Today the U.S. Patent & Trademark Office published a patent application from Apple that reveals a radical idea for iDevices, though it's really a twist to an old idea. Apple has invented a method and key-like device designed to recharge an iDevice based on rotating a magnetically attractable element (key) that charges a device. In another embodiment, the external magnet may wind a spring inside a device. It works much like an old fashioned watch powered the action of a mechanical crown. On one hand it would be great for when you need power but aren't near an outlet. Yet in the bigger picture, you have to wonder if this is an idea for creating a line of Apple iDevices for emerging markets like Africa or India where power is difficult to find. This kind of idea was used in laptops invented by MIT for the One Laptop per Child program where a crank was supplied to recharge the devices as noted below.
Apple's Patent Background
Electronic devices (phones, audio devices, laptops, calculators, etc.) and some mechanical devices (watches, windup toys, etc.) require cyclical charging or winding. Winding a mechanical device generally requires winding a dial on an outer peripheral portion of the mechanical device. The dial is connected to a rotor shaft which may, for example, wind a spring. Winding is generally done by a user manually exerting a rotational force on the dial. This may be an inefficient method and also may be an unnecessary use of the user's energy.
Charging an electronic device generally requires connecting the electronic device to an external power source in order to draw current into, for example, a component of the electronic device. A port electrically connected to the component may receive a jack that is electrically connected to the external power source. This may require additional space and/or several components in the electronic device associated with charging. This may also limit the ability to reduce the overall footprint of the device, particularly in a portable electronic device where it may be desirable to create a relatively small device.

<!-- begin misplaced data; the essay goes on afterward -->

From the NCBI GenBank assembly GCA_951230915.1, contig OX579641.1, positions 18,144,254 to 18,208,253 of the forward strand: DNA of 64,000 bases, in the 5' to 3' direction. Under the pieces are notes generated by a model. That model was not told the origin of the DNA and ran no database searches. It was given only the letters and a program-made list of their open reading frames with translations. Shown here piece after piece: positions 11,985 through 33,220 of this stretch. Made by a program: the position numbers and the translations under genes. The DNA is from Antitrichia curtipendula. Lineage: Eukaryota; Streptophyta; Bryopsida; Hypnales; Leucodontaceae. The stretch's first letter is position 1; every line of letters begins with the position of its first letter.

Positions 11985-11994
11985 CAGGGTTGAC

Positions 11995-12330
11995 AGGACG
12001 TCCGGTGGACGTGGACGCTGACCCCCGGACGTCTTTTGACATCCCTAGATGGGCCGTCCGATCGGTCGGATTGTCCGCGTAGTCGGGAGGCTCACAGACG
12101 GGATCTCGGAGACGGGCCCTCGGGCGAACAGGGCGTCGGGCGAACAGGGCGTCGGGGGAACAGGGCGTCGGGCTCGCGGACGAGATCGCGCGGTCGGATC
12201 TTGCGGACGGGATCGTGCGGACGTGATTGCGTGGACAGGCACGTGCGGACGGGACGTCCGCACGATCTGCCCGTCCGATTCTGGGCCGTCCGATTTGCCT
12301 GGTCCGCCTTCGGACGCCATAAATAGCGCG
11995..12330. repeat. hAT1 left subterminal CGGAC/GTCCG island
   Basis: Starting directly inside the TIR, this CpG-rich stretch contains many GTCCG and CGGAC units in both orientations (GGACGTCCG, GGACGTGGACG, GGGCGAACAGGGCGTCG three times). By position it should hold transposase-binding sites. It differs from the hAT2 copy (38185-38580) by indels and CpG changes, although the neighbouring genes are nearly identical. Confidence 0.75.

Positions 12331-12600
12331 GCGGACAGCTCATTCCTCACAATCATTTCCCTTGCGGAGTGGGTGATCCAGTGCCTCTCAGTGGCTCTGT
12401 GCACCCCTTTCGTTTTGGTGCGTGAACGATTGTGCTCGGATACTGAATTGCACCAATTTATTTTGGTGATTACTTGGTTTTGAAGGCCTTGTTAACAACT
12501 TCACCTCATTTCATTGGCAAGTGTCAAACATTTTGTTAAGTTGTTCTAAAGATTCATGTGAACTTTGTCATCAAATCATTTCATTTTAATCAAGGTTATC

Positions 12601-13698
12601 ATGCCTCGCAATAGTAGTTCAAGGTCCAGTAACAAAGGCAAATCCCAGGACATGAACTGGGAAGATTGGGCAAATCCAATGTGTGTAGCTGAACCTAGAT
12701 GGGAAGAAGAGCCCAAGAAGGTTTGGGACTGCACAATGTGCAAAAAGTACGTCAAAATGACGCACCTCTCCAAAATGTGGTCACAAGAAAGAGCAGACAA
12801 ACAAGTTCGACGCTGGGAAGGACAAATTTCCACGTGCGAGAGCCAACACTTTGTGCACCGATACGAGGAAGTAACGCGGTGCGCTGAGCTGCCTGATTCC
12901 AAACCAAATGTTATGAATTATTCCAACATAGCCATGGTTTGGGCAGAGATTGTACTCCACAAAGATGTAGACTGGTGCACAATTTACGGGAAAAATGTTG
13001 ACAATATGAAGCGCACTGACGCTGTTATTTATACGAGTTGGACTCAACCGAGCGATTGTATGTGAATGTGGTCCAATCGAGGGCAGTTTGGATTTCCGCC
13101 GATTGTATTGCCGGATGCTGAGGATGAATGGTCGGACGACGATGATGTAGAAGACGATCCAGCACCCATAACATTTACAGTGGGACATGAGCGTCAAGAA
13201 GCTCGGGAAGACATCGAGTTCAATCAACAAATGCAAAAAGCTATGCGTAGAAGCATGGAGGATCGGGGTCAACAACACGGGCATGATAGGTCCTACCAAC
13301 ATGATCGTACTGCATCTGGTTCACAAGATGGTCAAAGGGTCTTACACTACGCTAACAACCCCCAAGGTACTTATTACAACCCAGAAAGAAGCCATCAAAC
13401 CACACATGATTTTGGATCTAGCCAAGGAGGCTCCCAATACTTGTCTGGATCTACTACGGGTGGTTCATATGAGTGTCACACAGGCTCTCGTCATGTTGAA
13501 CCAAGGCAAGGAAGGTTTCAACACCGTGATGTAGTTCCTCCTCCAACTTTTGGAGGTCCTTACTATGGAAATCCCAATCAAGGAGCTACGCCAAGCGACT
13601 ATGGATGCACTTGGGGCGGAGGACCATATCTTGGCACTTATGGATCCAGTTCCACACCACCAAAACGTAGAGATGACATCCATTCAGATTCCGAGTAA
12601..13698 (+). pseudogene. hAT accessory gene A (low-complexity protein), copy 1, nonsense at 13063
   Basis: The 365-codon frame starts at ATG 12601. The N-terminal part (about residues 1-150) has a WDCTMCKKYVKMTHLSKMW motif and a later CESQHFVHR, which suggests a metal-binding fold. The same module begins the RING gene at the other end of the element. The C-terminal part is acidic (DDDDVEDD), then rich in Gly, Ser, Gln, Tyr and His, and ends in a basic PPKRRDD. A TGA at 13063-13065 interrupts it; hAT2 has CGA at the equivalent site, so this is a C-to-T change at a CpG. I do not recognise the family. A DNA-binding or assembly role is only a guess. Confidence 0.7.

In addition, the enclosure may include an aperture in which the port is disposed. The aperture allows ingress of dust, liquid, or other contaminants to penetrate the electronic device and cause damage. It may also prevent creating a waterproof device. Therefore, it may be desirable to charge or wind a component without direct contact between two structures.
Apple's Invention: Connector-Free Magnetic Charger/Winder
Apple's invention generally relates to a method and apparatus for charging an electronic device include rotating a magnetically attractable element, or element, within the electronic device. Rotating a magnet external to the electronic device simultaneously rotates the element. Rotating the element causes an electrically generating device, such as a generator, to create an electric charge in the electronic device. The electric charge may be used to power the electrically generating device, or the electric charge may be transmitted to an internal power supply in order to charge another component or components. In another embodiment, the external magnet may wind a spring inside a device.